“When the architect Vitellozzi and I built the Centro di Atletica Leggera in Formia in 1954, I realised that the design of the reinforcing rods for the gym roof was beautiful. The rods followed the stress lines, illustrating the static conduct the structure would have after the forms were removed,” he wrote in an essay unequivocally entitled Le tensioni non sono incognite (“Stress is not an unknown”) in October 1979. To avoid this “honest” structural design being drowned in a concrete cast once again, five years later he designed the roof for a factory in Pietrasanta – again a ten-centimetre-thick corrugated vaulted roof – so that the sizes of the fields of this ante-litteram folding would proportionally follow the stress to be tolerated. This need for agreement between form and static content became necessary and natural in bridge design. For a bridge with a very wide span to be built at Tor di Quinto in 1959 whit Marcello d’Olivo, Musmeci determined the form of the supports using two models made of materials that only yield to traction stress: one with a stretched rubber membrane, the ties of which were applied at the points of support, and another with a film made from a soapy solution mixed with glycerine. “I didn’t know that Frei Otto was embarking on similar experiences with tensile structures in the same years. Le Ricolais had also experimented with soap films, although Antoni Gaudí was perhaps the first to replace compression with traction in models made using taut wires.” The studies for Tor di Quinto were the dress rehearsal for the construction of a bridge over the Basento, Musmeci’s best-known accomplishment.
Design started in 1967 and construction lasted from 1972-74. The viaduct crosses the River Basento, two roads in the industrial zone and the Potenza railway station in four 70-metre spans. On top, the deck is a straight, slender line, a plate tilting slightly towards the city; below, the unusual 3D forms are reminiscent of the comb of a farmyard rooster or the headgear of hospital nuns in some of Federico Fellini’s fantasies. This thin shell dances incessantly and with the same movements, on fingertips, supports the deck and rests on the ground. It is a reinforced-concrete membrane 30 centimetres thick, slightly more at the edges, designed to express uniform stress only of compression. Construction photographs highlight the contrast between the concrete forms cast in-situ and the orthogonal design of the metal Innocenti-tube scaffolding temporarily imprisoning them.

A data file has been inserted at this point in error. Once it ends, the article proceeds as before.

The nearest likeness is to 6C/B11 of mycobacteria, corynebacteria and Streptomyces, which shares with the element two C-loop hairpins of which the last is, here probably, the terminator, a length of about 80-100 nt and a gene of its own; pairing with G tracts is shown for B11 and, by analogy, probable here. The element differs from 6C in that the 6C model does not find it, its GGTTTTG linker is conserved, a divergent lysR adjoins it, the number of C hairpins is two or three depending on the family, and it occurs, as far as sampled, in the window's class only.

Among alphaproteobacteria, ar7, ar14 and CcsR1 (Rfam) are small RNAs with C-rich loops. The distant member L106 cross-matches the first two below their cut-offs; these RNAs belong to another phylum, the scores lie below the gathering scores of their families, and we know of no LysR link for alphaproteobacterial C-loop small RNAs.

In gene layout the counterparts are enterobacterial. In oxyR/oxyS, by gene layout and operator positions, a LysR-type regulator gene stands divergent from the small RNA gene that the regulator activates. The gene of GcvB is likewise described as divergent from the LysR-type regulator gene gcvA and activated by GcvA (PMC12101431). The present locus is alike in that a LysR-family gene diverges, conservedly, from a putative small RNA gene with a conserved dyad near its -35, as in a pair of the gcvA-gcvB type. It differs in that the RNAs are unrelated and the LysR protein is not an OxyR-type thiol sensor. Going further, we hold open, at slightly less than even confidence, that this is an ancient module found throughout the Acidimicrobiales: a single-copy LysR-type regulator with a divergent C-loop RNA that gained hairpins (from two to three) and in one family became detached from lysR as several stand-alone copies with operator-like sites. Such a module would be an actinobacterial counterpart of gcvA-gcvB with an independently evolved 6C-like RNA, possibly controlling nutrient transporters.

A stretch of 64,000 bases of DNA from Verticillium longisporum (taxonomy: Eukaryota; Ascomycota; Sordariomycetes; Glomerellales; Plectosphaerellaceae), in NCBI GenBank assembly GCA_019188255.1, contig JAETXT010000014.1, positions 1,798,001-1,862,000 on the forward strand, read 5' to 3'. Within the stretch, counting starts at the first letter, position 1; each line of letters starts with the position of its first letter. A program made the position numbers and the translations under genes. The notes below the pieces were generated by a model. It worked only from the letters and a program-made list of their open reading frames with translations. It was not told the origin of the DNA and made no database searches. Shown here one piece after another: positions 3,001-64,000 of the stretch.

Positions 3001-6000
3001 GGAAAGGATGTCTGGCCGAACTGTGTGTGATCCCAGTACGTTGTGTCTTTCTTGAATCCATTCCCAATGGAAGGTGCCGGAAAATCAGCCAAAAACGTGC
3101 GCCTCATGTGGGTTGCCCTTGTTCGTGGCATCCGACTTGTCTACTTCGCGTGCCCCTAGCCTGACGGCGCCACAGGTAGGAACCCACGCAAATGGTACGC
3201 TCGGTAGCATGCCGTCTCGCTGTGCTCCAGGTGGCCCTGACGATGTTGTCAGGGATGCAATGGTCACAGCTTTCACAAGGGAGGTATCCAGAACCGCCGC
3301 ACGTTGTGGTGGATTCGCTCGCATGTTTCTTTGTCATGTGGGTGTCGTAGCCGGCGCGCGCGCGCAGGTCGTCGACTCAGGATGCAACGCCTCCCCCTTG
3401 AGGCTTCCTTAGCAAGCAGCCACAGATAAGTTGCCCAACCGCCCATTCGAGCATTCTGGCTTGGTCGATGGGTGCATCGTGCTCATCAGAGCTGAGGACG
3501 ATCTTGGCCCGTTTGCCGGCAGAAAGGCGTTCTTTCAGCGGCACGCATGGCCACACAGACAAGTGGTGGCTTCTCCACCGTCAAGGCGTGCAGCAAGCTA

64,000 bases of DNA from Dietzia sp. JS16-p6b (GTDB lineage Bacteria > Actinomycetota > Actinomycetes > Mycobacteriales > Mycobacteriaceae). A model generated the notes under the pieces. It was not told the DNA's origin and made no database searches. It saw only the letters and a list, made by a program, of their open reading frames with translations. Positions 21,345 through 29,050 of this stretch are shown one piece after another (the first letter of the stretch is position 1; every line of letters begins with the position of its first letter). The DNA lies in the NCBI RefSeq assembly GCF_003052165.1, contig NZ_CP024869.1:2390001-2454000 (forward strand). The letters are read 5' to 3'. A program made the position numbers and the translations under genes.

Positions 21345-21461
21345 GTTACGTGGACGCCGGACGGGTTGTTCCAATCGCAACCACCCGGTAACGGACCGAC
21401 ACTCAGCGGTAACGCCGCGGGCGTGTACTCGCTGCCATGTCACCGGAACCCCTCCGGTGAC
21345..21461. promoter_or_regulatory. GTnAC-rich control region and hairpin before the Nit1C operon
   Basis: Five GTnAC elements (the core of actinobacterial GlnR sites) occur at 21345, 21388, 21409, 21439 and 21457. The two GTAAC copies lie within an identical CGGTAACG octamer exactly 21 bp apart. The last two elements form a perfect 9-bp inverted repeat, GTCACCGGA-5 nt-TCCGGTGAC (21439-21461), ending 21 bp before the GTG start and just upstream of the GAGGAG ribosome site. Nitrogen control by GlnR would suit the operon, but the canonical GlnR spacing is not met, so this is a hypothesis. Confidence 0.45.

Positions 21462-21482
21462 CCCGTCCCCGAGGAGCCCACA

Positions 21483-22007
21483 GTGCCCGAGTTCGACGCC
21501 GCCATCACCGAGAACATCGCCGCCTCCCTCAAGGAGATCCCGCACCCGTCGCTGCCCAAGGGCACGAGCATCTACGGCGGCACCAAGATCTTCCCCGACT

Apart from its aesthetic, such a bridge triggers a rethinking of the customary dichotomy between the world above, that of the carriageway and its expanded horizons, and the one below, nearly always sacrificed in the passing over and the object of recent frontier literature. In this case, however, it is the “underneath” that is improved by the infrastructure, which reiterates the fluid and organic essence of the watercourse and nature. The up-and-down pedestrian promenade invented by Musmeci on the back of the membrane – and where he is seen walking happily in archive photographs – opens up new, alternating views between the curved contours cut in the shell and constructs a landscape within the infrastructure. The method of illustrating this path with lines like those that trace the contours of the terrain is not merely a technical design expedient. Top, the scenario of the area transformed in the two photographs on page 78; designer, instead, envisaged a multi-purpose centre organically inserted at the base of the deck, the use of the covered promenade and the conversion of the area into a small park.
“What an artist! He has built a bridge,” is the paradoxical announcement Bruno Zevi made in his column in L’Espresso when faced with the observed loss of inventiveness – and indifference to specific landscape situations – in the design of these infrastructures. Another bridge designed in Bolzano with his wife Zenaide Zanini, between 1978 and 1980, and the one on the Appia Antica (1979), which she completed after Musmeci died of an illness in 1981, are further and more advanced steps in the research of a closet structural engineer who invoked risk-taking to counter mental inertia: “Those who do not take risks are either imitating or repeating. If they want to invade a new field they must tackle the unknown.” A learned curiosity led him to explore the terrains of geometry, music and astronomy in depth, in a “Rousseau-style” as he called it, navigating through books and treatises like he did with his boat on the Tyrrhenian Sea. The house that the Musmeci couple designed and lived in at Formello has an astronomic observatory at its highest point.